Allarut is a tuber crop that is cultivated in shifting cultivation (jhum) fields in the state of Meghalaya in northeastern India. The tubers are small (less than 10 cm long), elongated and pointed at the ends. They are white in color. The above ground part of the allarut plant is about 30 cm tall and green in color, with small pointed leaves. To cultivate allarut, first the tubers are stored in a dry place for two to three months. In February and March, they are planted, and can be harvested in December and January.
Allarut tubers have a mild and slightly sweet taste and secrete a liquid that looks like milk. In the West Khasi Hills district, people have long used allarut in a method similar to chewing gum while working in the fields. The white liquid, which is collected by squeezing the tuber by hand, has also been used as a substitute for milk given to babies. The tubers can also be cooked in a fire and eaten as a snack often served with tea.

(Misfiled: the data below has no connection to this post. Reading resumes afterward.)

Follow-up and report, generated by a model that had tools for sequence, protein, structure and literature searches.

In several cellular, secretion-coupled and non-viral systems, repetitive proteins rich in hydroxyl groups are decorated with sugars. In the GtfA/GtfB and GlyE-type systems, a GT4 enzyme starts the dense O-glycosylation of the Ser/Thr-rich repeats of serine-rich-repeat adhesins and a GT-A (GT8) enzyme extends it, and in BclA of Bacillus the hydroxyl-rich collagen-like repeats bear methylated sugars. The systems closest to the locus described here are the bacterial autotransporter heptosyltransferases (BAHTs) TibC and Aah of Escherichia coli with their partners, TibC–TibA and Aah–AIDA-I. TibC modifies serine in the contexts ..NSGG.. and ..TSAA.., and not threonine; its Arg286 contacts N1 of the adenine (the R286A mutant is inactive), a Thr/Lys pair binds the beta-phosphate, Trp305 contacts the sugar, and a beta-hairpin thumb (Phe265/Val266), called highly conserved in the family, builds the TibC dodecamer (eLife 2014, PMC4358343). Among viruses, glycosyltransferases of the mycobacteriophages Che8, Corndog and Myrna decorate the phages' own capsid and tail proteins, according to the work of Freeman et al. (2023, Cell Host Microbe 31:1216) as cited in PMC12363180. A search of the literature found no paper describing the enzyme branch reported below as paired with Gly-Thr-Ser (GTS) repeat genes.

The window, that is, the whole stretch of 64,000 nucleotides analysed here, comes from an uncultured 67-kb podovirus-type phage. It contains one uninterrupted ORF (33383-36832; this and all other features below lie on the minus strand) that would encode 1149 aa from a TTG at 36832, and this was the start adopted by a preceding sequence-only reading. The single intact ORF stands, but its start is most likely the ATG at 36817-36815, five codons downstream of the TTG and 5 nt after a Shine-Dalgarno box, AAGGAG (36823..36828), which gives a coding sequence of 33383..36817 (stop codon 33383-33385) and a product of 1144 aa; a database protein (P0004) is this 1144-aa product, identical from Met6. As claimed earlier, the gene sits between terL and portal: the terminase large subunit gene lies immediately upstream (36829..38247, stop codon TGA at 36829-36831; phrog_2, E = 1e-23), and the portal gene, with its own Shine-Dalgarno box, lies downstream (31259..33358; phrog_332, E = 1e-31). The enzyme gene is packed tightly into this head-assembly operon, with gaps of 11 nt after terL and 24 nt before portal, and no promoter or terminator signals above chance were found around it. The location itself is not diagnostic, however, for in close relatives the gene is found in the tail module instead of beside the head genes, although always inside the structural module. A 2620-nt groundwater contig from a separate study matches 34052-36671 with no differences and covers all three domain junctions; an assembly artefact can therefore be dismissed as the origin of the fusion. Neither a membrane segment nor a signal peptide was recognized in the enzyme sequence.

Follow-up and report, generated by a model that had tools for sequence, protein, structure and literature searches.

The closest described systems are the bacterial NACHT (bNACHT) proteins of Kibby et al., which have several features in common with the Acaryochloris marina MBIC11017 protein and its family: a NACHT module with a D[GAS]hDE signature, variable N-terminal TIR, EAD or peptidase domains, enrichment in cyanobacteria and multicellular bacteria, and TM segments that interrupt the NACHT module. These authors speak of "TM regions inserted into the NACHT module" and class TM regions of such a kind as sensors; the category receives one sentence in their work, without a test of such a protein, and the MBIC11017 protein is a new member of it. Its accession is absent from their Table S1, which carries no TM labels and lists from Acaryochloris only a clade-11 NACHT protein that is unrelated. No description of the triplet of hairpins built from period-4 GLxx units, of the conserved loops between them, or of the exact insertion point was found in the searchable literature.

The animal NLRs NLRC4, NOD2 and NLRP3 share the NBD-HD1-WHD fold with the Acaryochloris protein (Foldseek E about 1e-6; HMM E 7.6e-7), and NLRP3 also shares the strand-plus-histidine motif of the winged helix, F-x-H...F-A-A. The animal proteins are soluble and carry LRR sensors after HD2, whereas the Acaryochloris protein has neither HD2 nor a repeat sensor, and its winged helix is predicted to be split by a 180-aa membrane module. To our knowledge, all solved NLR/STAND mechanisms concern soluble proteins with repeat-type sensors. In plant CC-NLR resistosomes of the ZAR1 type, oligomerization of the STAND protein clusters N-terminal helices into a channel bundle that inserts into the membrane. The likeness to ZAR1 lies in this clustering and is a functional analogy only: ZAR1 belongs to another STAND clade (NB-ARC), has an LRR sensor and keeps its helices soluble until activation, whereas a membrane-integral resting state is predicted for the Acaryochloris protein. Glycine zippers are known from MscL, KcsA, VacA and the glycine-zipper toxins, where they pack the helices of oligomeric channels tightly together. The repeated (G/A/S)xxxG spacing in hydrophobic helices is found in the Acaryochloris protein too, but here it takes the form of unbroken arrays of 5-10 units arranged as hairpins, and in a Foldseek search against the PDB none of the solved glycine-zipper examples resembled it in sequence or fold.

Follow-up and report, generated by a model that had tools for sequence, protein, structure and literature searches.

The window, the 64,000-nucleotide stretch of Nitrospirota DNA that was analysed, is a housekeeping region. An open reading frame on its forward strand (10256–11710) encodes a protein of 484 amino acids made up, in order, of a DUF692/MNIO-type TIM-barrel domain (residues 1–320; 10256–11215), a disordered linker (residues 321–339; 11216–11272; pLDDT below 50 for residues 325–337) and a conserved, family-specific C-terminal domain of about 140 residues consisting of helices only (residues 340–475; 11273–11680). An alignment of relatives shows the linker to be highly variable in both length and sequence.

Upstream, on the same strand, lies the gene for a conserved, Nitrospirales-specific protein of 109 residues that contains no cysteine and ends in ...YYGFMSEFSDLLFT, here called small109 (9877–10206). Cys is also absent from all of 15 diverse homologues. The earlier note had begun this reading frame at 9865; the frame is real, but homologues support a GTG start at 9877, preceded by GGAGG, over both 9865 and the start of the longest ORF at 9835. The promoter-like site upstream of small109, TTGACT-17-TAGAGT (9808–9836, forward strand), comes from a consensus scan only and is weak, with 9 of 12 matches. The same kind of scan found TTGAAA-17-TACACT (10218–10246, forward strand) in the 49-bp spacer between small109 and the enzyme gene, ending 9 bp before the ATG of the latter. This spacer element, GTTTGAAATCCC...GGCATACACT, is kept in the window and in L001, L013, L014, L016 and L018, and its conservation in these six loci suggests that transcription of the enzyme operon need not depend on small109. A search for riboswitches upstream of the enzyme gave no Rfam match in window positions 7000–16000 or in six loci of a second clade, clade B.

While these tubers were once found at local markets, now they are mainly grown only for personal consumption. Exact numbers are unknown, but local people have reported a general decline in allarut production and consumption. Younger generations are increasingly unfamiliar with this vegetable and only a few familes still grow it each season. Due to a lack of a commercial market for allarut, it is at high risk of being lost.